LAUREL COUNTY, Ky. —
When North Laurel’s Caroline Moore qualified for this week’s KHSAA state tennis tournament, she accomplished something that could very well be a first in Laurel County.
Moore’s third straight appearance in the state tennis tournament, to go along with four trips to the state golf tournament, gives the North Laurel senior seven appearances in a state tournament.
And the accomplishment wasn’t lost on her.
“I thought about it, but it wasn’t on the top of mind,” Moore said.
Five months ago, the chance of playing in another state tournament was in question.
That’s when she was diagnosed with epileptic seizures. She had probably been having them for some time before officially being diagnosed.
The cause of her seizures is a lesion in the left front temporal lobe. It has probably been there since birth. Doctors started her on medication, which has been trial and error trying to find out which medicines work for her. Every person is different and responds differently to the medications. The first one the doctors had her on caused her to have an allergic reaction. The goal doctors set are to be seizure free with medicine and with the least amount of side effects.
A trip to the hospital in March caused her to miss some early matches, including one against Corbin and a chance to face the Lady Redhounds’ No. 1 team of Sydney Ledington and Jaclyn Jewell, the team that they lost to in the finals of the region tournament.
“I had an I.V. and that got my arm stiff, so I couldn’t play against Corbin,” Moore said. “But it didn’t discourage me. I knew I would be back on the court.”
And she was, and slowly but surely, she worked the rust off of her game and got it back to where she wanted it to be.
For Moore, tennis is a part-time sport. Her main sport, and first love, is golf. She made the state tournament as an eighth-grader, then three straight years from her sophomore to senior season. Each year she made progress, which culminated with a seventh place finish in last year’s state tournament. She also won the region title, was named Region 9 Player of the Year, and a member of the Kentucky All-State golf team. Her accomplishments helped land her a scholarship to play at Lee University in Tennessee.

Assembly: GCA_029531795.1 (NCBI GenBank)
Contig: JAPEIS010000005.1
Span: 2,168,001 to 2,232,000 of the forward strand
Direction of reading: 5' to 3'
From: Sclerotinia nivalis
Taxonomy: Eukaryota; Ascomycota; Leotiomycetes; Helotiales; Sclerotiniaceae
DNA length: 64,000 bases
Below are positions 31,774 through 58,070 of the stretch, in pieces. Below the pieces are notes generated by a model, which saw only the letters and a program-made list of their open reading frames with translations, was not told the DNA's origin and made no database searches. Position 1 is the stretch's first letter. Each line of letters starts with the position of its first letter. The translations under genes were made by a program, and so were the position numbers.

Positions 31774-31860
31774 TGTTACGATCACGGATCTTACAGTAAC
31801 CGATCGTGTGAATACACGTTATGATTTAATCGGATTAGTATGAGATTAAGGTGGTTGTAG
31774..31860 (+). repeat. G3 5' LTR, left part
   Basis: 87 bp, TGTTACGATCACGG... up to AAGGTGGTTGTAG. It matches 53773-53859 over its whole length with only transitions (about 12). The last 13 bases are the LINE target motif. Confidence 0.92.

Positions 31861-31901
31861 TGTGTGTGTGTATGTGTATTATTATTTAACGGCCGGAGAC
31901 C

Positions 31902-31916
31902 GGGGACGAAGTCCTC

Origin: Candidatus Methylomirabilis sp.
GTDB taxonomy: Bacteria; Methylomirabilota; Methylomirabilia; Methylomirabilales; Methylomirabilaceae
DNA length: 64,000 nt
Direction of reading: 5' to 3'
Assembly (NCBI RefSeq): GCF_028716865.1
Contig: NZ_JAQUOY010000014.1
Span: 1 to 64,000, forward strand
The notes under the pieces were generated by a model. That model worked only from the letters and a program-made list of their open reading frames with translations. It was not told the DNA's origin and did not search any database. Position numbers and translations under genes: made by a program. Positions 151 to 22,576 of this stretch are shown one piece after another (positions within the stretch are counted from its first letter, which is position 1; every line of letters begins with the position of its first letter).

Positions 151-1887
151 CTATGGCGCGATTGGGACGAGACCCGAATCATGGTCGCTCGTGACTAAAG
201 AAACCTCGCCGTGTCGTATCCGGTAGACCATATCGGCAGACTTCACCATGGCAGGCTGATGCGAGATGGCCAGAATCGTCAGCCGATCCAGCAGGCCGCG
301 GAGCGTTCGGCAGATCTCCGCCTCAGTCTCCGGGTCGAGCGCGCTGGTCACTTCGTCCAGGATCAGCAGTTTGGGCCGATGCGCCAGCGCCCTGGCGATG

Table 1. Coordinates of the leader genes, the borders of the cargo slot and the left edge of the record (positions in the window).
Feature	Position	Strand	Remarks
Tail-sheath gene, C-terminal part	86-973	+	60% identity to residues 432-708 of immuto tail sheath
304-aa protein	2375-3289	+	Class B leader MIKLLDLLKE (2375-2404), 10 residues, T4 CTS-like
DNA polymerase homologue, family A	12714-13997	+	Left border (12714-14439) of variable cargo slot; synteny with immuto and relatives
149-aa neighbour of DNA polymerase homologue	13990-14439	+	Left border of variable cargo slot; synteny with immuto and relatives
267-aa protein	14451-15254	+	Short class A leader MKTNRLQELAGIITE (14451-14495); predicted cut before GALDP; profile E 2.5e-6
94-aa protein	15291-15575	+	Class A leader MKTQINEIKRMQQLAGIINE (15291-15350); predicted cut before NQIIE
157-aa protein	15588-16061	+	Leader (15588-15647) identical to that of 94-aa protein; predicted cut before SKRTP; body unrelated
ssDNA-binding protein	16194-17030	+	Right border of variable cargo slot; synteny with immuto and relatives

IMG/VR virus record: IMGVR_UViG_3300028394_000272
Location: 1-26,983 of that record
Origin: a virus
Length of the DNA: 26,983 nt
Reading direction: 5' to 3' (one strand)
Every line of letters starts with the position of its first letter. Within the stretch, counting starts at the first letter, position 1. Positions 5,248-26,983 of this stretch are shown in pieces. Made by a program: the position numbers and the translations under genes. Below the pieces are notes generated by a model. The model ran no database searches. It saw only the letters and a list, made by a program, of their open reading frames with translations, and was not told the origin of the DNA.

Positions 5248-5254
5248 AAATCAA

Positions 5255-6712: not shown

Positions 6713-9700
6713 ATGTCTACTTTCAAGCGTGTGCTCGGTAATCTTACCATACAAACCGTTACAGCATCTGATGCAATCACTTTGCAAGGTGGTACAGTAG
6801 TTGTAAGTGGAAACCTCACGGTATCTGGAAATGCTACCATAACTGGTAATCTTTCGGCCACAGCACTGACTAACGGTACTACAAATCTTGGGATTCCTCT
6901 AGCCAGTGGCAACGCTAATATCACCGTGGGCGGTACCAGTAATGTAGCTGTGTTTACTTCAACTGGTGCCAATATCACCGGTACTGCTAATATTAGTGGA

“She basically plays tennis three months a year,” her high school coach, Bobby Smith, said. “Golf is her main thing. To be a part-time tennis player and to be this successful makes me think what if she was a full-time tennis player? There’s no telling what she could do.”
And she has only been playing tennis for four years.
“She came home one day and said she was going to play tennis,” her father, Rick Moore said. “I said honey you’ve never played before.”
“She said Bobby (Smith) and several other Lady Jaguar tennis players kept bugging her about playing,” her mother, Karen Moore, said. “She kept telling them she had never played before, but they wouldn’t let up. Bobby and James Montgomery have really helped her and taught her the game.”
Moore is a doubles player. She prefers it that way.
“Absolutely,” she said when asked if she preferred doubles over singles. “Volleying is my favorite part of the game. I would rather be at the net than at the baseline.”
“She’s as good of a doubles player as we have had come through North Laurel,” Smith said. “She has great doubles instincts. She plays on the ad side. She’s pretty reliable when we need a big point or great return.”
Moore has played with two partners. Her first two years she played with Mikaela Prichard. Prichard was her partner on her first trip to the state tournament. She was supposed to be her partner last season, but Prichard tore her ACL and missed tennis season. Smith said he had high hopes for that duo last year, but Prichard’s unfortunate injury denied him the chance to see what they could do at the state level.
Instead, she was paired with Pooja Kanthawar, who has been her partner for the past two seasons. “We have a really good rapport,” Moore said. The duo won one match at last year’s state before being eliminated. They hope to go further this year.
Meanwhile, she’s still battling with her seizures. Ironically, the older sister of Mikaela Prichard, Makenzie, who also played tennis at North, was recently diagnosed with a similar lesion, only in a different part of her brain. She had surgery and has helped Moore deal with this.
“She and Makenzie have talked a lot about it, and Makenzie has been really supportive,” Moore’s mother said. “Surgery might be an option for Caroline down the road. We will have to wait and see.”
When the average person hears the word “epilepsy” they think about people falling on the ground and jerking around. While some do suffer that form of epilepsy, Moore doesn’t. She mostly just, for the lack of a better word, zones out for just a few seconds, and usually doesn’t have any memory of it.
“We are people of faith,” her father said. “We don’t know what God has planned but He knows what he is doing. And Caroline is a fighter. She won’t let this keep her down.”